As for packet order, on a local LAN or most Wifi situations everything should go in order, there are no other paths to take which would make packets go at different speeds in different directions to the other end, so everything should show up in that order, except for packet loss, in that case we can do a retry of the packet or whole block (losing 1 second). We will have to see how that works out in the real world with multi hops, for adhoc it shouldn't be a problem.

Since OFF sends messages after connect, maybe when using UDP you just use a activity timeout. OFF will not know if a connection is "closed" since there is no real "connection", but I do know OFF sends a message to the other end when it quits, to tell the other nodes goodbye.

Now you can see why I just wanted to try this and see if it works, then fix the few things that go wrong. We can study this forever, it's faster to just try it.


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Re: Super fast downloads via Wifi !
« Reply #21 on: July 22, 2008, 05:19:34 AM »
LAN testing, IT WORKS! This means wifi "adhoc" should work also. I used 192.168.0.X addresses on a wired ethernet LAN. It connects TCP and transfers blocks OK.

If nodes on the wifi adhoc network stick to 192.168.X.X addresses and never connect to internet nodes then the node list should remain only on the adhoc network. You could use a firewall setting to enforce that, but it would be nice if OFF let you restrict connections to a range of IPs for this purpose. Another feature for this would be to have OFF always try to keep connected to a list of IPs you can define, even if they drop connection or timeout.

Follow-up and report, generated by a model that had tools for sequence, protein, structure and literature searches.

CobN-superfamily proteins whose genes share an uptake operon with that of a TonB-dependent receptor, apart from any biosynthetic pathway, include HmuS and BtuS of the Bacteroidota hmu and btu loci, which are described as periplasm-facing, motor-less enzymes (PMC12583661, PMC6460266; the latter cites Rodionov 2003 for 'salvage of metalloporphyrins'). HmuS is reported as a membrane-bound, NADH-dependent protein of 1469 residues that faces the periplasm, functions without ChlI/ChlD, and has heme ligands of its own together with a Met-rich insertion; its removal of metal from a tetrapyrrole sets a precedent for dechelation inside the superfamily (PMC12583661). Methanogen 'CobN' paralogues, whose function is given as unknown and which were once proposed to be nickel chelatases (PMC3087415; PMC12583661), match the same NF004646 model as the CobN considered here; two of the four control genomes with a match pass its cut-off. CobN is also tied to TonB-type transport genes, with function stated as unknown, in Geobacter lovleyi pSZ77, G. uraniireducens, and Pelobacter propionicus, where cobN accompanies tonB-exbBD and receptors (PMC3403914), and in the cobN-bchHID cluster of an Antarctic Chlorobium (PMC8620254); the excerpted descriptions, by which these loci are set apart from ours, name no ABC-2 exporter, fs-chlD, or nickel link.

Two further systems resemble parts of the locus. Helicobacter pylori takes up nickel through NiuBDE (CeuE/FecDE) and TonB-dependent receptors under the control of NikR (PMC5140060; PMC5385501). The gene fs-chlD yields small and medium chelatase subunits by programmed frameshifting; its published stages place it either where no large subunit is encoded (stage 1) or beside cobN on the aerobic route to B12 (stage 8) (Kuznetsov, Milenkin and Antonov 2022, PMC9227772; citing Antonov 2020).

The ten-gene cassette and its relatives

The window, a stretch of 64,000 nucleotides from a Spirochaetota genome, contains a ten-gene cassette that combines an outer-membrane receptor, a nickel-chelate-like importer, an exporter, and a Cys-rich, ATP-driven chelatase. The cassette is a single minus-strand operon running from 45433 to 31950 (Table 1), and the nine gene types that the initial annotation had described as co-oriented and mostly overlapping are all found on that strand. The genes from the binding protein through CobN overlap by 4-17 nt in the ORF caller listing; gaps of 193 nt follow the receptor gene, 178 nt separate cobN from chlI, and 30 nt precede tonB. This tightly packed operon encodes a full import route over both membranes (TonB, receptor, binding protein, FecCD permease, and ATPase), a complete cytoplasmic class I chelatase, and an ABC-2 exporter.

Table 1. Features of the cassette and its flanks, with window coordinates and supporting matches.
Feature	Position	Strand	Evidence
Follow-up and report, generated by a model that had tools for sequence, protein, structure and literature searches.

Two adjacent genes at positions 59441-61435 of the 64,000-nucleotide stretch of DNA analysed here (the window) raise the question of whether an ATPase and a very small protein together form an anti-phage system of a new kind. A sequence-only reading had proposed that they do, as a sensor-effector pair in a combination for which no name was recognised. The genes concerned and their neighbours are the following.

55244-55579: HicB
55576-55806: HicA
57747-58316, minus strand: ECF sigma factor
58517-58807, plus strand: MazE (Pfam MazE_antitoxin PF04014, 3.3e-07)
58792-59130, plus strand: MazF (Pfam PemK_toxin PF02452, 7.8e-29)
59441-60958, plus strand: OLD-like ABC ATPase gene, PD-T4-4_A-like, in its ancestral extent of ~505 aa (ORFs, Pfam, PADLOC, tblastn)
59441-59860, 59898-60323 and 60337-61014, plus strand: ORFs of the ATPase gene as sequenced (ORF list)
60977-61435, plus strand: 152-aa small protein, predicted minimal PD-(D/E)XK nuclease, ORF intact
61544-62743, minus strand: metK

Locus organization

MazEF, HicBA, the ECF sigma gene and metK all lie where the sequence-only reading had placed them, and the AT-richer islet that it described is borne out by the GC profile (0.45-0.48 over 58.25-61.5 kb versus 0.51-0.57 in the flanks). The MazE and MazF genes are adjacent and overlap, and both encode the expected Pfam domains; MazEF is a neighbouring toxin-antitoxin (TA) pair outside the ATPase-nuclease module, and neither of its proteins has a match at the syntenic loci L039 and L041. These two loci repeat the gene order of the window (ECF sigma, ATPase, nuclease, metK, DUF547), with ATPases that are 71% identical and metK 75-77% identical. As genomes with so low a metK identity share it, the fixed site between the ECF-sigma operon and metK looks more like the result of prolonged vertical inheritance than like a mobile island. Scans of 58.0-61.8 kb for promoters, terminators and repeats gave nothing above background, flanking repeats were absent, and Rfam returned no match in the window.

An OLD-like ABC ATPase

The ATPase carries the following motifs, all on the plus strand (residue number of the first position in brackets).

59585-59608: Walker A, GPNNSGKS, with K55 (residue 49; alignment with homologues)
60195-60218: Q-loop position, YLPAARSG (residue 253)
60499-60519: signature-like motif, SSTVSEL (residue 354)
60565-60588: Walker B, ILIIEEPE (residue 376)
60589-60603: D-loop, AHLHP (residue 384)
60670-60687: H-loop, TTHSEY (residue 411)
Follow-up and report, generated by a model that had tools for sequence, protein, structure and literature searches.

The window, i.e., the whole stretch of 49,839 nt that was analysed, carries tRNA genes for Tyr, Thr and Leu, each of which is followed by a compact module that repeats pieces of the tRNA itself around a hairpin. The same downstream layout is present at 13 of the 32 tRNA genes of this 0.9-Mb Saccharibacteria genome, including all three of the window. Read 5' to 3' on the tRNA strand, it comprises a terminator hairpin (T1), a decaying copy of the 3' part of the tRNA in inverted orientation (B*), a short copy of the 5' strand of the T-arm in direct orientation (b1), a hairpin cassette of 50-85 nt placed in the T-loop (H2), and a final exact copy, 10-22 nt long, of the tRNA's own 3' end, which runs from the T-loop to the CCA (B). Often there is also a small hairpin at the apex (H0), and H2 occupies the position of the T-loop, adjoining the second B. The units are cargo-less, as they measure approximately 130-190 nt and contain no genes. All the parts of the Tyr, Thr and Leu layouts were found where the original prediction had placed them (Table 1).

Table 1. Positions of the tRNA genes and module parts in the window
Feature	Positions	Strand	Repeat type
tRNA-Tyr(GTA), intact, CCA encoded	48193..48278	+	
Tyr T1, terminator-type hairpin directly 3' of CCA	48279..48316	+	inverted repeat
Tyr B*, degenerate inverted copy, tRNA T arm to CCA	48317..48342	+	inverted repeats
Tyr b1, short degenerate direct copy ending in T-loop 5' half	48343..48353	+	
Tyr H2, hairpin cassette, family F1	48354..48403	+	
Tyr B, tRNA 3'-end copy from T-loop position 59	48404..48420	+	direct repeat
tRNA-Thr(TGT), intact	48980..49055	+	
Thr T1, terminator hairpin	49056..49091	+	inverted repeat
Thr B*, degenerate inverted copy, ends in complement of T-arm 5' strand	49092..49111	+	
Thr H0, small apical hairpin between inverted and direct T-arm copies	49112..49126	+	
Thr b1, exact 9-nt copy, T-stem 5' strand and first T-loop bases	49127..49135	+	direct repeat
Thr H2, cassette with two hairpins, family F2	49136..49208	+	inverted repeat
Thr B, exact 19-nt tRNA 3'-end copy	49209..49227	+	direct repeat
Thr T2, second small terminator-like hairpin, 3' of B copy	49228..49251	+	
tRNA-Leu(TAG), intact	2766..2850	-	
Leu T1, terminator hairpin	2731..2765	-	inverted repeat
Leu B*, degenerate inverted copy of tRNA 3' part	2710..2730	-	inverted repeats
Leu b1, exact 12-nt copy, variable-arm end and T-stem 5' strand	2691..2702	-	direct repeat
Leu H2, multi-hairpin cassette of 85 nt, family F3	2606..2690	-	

Nemo, sorry but the quick mod for UDP didn't work, same LAN setup. It's probably going to take more work to get UDP to talk. The other end doesn't respond at all, I confirmed that UDP packets were sent out. I think the other end is waiting for a TCP connection "signal". If I somehow take out that line of code and bypass it that may work but I was starting to think how can it handle multiple connections to other nodes?

I wonder how other P2P programs handle UDP? Maybe you have to open a lot of UDP ports so each one is connected to another node, the clients would have to try a range of ports until one reports that it's open. It was a interesting test.

UDP broadcasts of blocks is still a possibility, those are just blasted out. Now we know it's possible to open a UDP socket.